I’m sorry to invoke a Christmas Carol, but I’m following up on the posting of the Laurence Juber track “Mosaic” that I mentioned yesterday. There is now a folder on the FTP site that contains the award-winning (this track won the “Best High-Resolution” demonstration track from the CEA back in 2002…it was called the Demmy Award) file track in three different formats.
So here’s an opportunity to get a real high-resolution file in three different formats and compare them. It’s not easy to switch instantly between the MP3, CD and HD versions but it should give you an opportunity to use a real file to evaluate the formats.
First, download the files and put them on a USB stick or solid-state drive. If you have to use a hard drive that’s okay but it does introduce another factor…the motion of a hard drive and pick ups. Then play them back through the same signal path. My suggestion would be to use Amarra because it changes sample rates automatically and therefore switching will be faster.
Use a good quality DAC into a first rate pair of headphones or amplifier and speakers. The better the playback equipment, the more likely you are to be able to perceive a difference.
Here are some suggested things to listen for:
1. MP3 – 128 kbps is the standard bitrate for most MP3 downloads including the vast majority of tracks from iTunes (although they use a different format…AAC). There is less high-end extension and therefore you should hear a graininess and lack of high frequency clarity in the MP3 version. We’re talking about very high harmonics so focus your listening on the highest sounds. They are the shiny edge to the metal sounds. When the percussion plays the wind chimes or cymbals, play close attention. The second aspect of an MP3 file is the lack of full timbral balance because “pyscho acoustic” processing removes some low level frequency throughout the spectrum. You should notice a lack “warmth” or natural character in the MP3 version.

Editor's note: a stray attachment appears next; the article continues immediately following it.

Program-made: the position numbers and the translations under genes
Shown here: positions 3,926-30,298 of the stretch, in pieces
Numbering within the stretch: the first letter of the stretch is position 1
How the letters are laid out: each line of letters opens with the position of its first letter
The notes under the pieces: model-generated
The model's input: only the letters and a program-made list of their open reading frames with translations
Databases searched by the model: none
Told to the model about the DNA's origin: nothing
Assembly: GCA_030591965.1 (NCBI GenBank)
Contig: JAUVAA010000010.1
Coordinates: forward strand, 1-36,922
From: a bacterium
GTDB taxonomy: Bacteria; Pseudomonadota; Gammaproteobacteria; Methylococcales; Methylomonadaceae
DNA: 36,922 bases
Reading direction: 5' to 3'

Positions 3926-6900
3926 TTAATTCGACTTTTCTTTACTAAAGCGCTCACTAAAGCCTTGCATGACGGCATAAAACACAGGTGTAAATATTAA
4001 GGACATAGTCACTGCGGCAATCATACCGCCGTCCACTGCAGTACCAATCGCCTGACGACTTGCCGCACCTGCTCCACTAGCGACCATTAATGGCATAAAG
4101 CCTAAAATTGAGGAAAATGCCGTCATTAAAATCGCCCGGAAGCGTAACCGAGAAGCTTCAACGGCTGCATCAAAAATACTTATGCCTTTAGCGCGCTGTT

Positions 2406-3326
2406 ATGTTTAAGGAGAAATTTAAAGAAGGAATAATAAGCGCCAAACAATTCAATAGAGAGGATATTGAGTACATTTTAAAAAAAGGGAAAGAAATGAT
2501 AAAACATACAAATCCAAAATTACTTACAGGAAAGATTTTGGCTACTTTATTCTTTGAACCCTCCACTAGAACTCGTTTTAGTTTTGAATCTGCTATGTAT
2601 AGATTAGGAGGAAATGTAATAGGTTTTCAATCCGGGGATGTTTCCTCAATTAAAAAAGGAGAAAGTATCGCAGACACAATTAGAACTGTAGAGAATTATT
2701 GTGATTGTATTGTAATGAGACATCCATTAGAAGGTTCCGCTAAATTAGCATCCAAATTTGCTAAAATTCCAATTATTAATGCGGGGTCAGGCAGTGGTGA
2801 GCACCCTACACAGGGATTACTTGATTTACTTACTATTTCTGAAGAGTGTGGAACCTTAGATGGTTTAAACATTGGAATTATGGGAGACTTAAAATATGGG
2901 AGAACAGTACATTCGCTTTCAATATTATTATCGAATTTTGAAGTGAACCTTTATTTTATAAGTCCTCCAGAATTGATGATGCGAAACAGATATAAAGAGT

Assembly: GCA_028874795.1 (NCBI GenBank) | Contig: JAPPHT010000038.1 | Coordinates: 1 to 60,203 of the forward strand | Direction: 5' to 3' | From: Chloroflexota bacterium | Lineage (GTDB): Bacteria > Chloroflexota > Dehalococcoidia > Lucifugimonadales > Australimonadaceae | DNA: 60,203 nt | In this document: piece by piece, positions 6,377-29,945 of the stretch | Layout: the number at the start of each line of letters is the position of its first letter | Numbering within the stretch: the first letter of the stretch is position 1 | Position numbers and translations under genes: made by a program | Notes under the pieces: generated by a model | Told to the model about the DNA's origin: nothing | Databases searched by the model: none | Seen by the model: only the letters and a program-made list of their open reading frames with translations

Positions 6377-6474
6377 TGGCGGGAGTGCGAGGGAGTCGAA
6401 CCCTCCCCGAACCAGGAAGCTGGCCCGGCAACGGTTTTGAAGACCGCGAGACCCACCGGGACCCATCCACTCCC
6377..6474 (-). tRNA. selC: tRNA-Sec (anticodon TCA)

2. CD-Audio – This one sounds very good. It was sample rate converted from the high resolution 96 kHz/24-bit track. I have no problems with this file but you might be aware of a certain lack of detail in the highest register when the metal percussion is dominant. It’s hard to put words to it without sounding like one of the irritating reviewers that we read online and in the audiophile magazines. You have to listen carefully AND for a long time to feel the difference between this format and the high-resolution version.
3. HD-Audio – This is the original mixed file without any mastering or processing. The production of this track was straight from the original stereo microphones…no eq, no artificial reverb and no dynamic processing. When LJ hits the string hard, the dynamics are there to respond. The ultrasonics contribute to the smoothness and transparency of the very high end. This is what high-resolution audio is all about.
Here’s the spectrogram of the three formats on a single graph. Take a look and take a listen. Let me know what you think. If you can include your equipment and observations this could get interesting.
Figure 1 – The spectra of “Mosaic” in MP3, CD and HD. [Click to enlarge]